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Tuesday, February 15, 2011

Role Playing Games - Character Guide 1

Introduction: In role playing games, they win through skill and skill alone. No, they don't cause massive damage in a single blow. They can't take hit after hit without faltering. They can't hide in the shadow of a nearby sentry. They are simply, routinely successful. They are more likely than most to hit a foe (as long as it isn't a defender), or dodge a blow (if it doesn't come from an attacker), or spot an ambush (that isn't being initiated by a trickster). These are the achievers of the RPG world, the characters who win simply because they are better at succeeding an action than others.

In QoTR, the achiever is represented by the Aptitude preference. These characters routinely get bonuses on checks, improving their chance of succeeding whatever action they take.

Player Tactics: When you elect to play an achiever, understand both the strengths and weaknesses of the character type. An achiever has a high chance of succeeding any action, but it is not as good at any individual action as a specialist in that style. An achiever can't deal as much damage as an attacker, avoid attacks as effectively as a defender, or sneak as well as a trickster. An achiever minimizes the advantages of enemy specialties and maximizes the impact of their weaknesses. Conversely, the achiever maximizes any other specialties it may have (whatever you are good at, being able to succeed more often only improves the value) and minimizes the impact of those areas it leaves open.

An achiever is not strictly a front-lines fighter. This isn't to say they are weak, but they should not be put into a position that emphasizes immediate and direct confrontation with the foe (unless, of course, they are also skilled attackers!) An achiever works best when it is in a position to gauge its opponent's strengths and weaknesses, so it can capitalize on them. If the opponent is weak against stealth, the achiever might take to the shadows to claim an advantage. If the foe's defenses are poor, the achiever should attack as hard as it can.

On the flip side, the achiever is not necessarily a jack-of-all-trades. In role playing games in general, and definitely in QoTR, most characters are specialized in more than one broad area. If you've got it, flaunt it, as the saying goes. And if you are an achiever, you've got more of it than most. Adding specialization as an achiever compounds the threat of whatever your other specialties are. An attacker or blaster may be scary for their ability to deal phenomenal damage, but when they also have a good chance of hitting so they can deal that damage, they become tremendously dangerous.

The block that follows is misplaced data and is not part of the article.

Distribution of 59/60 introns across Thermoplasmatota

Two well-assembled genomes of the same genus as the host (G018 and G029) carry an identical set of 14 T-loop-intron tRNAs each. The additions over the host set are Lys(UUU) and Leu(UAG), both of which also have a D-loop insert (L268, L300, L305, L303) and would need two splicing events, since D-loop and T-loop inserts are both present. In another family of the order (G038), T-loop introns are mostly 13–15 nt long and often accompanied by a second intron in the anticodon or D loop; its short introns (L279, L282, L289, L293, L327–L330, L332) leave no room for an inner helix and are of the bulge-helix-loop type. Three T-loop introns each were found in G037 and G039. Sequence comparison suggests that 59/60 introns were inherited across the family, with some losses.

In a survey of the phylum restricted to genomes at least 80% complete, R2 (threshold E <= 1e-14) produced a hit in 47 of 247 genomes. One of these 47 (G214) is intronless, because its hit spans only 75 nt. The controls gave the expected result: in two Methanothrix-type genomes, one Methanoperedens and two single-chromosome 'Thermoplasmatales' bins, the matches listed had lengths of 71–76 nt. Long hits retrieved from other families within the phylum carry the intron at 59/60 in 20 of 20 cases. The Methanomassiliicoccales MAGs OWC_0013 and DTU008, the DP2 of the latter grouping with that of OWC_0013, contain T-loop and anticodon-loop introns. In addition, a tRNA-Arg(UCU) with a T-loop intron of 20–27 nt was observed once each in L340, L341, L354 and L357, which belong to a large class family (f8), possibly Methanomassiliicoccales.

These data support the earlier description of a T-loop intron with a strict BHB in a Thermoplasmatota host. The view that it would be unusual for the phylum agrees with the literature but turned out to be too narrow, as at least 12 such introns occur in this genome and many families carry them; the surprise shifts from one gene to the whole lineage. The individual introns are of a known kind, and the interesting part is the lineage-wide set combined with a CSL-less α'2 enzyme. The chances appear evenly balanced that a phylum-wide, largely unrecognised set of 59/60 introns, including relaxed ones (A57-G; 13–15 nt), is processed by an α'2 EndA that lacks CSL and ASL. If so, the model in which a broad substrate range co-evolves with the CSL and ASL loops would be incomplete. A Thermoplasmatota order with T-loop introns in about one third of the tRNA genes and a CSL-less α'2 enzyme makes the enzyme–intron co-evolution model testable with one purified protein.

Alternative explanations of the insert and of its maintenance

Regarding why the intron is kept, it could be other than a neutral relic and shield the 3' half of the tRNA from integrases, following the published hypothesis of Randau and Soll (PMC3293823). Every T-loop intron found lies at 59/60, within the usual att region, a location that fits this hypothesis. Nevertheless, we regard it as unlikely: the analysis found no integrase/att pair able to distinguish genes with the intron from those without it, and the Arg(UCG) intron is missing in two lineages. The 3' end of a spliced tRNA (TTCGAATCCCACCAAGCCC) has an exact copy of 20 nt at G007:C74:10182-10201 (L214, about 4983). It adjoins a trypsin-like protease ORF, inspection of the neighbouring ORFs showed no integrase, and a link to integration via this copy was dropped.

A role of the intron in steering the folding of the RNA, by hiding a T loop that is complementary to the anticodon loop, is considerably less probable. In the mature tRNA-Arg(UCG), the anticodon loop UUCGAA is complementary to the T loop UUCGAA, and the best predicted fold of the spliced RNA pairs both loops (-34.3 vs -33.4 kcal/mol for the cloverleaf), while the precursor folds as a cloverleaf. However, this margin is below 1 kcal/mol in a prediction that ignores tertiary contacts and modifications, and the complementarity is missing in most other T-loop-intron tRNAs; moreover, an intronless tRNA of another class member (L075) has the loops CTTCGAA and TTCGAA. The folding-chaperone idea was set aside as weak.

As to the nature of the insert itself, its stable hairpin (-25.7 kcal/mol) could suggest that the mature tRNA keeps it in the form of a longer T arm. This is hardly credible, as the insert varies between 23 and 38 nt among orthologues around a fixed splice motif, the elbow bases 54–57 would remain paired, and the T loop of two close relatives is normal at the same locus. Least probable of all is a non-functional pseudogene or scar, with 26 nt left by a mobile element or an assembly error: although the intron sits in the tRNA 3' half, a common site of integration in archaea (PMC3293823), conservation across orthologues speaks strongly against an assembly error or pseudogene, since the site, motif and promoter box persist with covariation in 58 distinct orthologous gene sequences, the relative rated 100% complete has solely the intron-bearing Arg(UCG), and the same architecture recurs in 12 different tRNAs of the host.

Although all combinations have merit, achievers often work best when combined with specializations that rely on succeeding actions. Attackers, defenders, and tricksters who double as achievers maximize the value of both specialties.

GM Tactics: Achievers generally make good choices of opponents in an RPG. They are particularly effective as "elite" foes--not quite "boss" enemies but still ranking above "fodder" opponents. Used wisely, an achiever can put players through a lot of stress while not presenting a tremendous threat of imminent destruction.

An achiever hits often, and is generally difficult to hit. Other specialties aside, they tend to have less impact on any action than most. You probably want to keep numbers roughly even in battles against achievers, since hit after hit will quickly wear a party down, and achievers might have some trouble when faced with large groups--high success chance or not, the dice will roll high eventually! This is a primary reason for using achievers as elite foes, since such opponents tend to fight the characters with similar numbers.

From a game master's standpoint, adding a heavy offensive specialty to an achiever is a dangerous proposition. As always, challenging the players is good, but if the party is wiped out, well, there goes the story! However, adding a defensive specialty to an achiever can create a particularly annoying opponent, and one who (due to its improved ability to hit) poses a credible threat. Other miscellaneous specialties, such as trickster or speedster, also make good combinations for an achiever.

Achievers are the masters of succeeding actions--frequently, reliably, and without significant cost. They may not pack the raw power of other character types, but their skill and versatility allows them to win through either exploitation or attrition. Whatever your other specialty may be, skill as an achiever improves it--a fact that all players should use, but GMs in particular should take to heart as both a promise and a warning.

Copyright © 2006 Dustin Schwerman.

Dustin Schwerman has been playing RPGs for over a decade, using an analytical approach to critically evaluate the game systems (and so to create the most powerful characters he could get away with). He used the extensive experience gained doing so to create his own game, Quests of the Realm. QoTR focuses on unlimited character customization, relying on its author's understanding to detect and counter game-breaking power plays. Though balanced, QoTR still allows players to create highly effective characters and run them through heroic story lines. To contact Dustin, read more of his writings, or learn more about Quests of the Realm, visit his web site, Quellian-dyrae [http://www.quelliandyrae.com].

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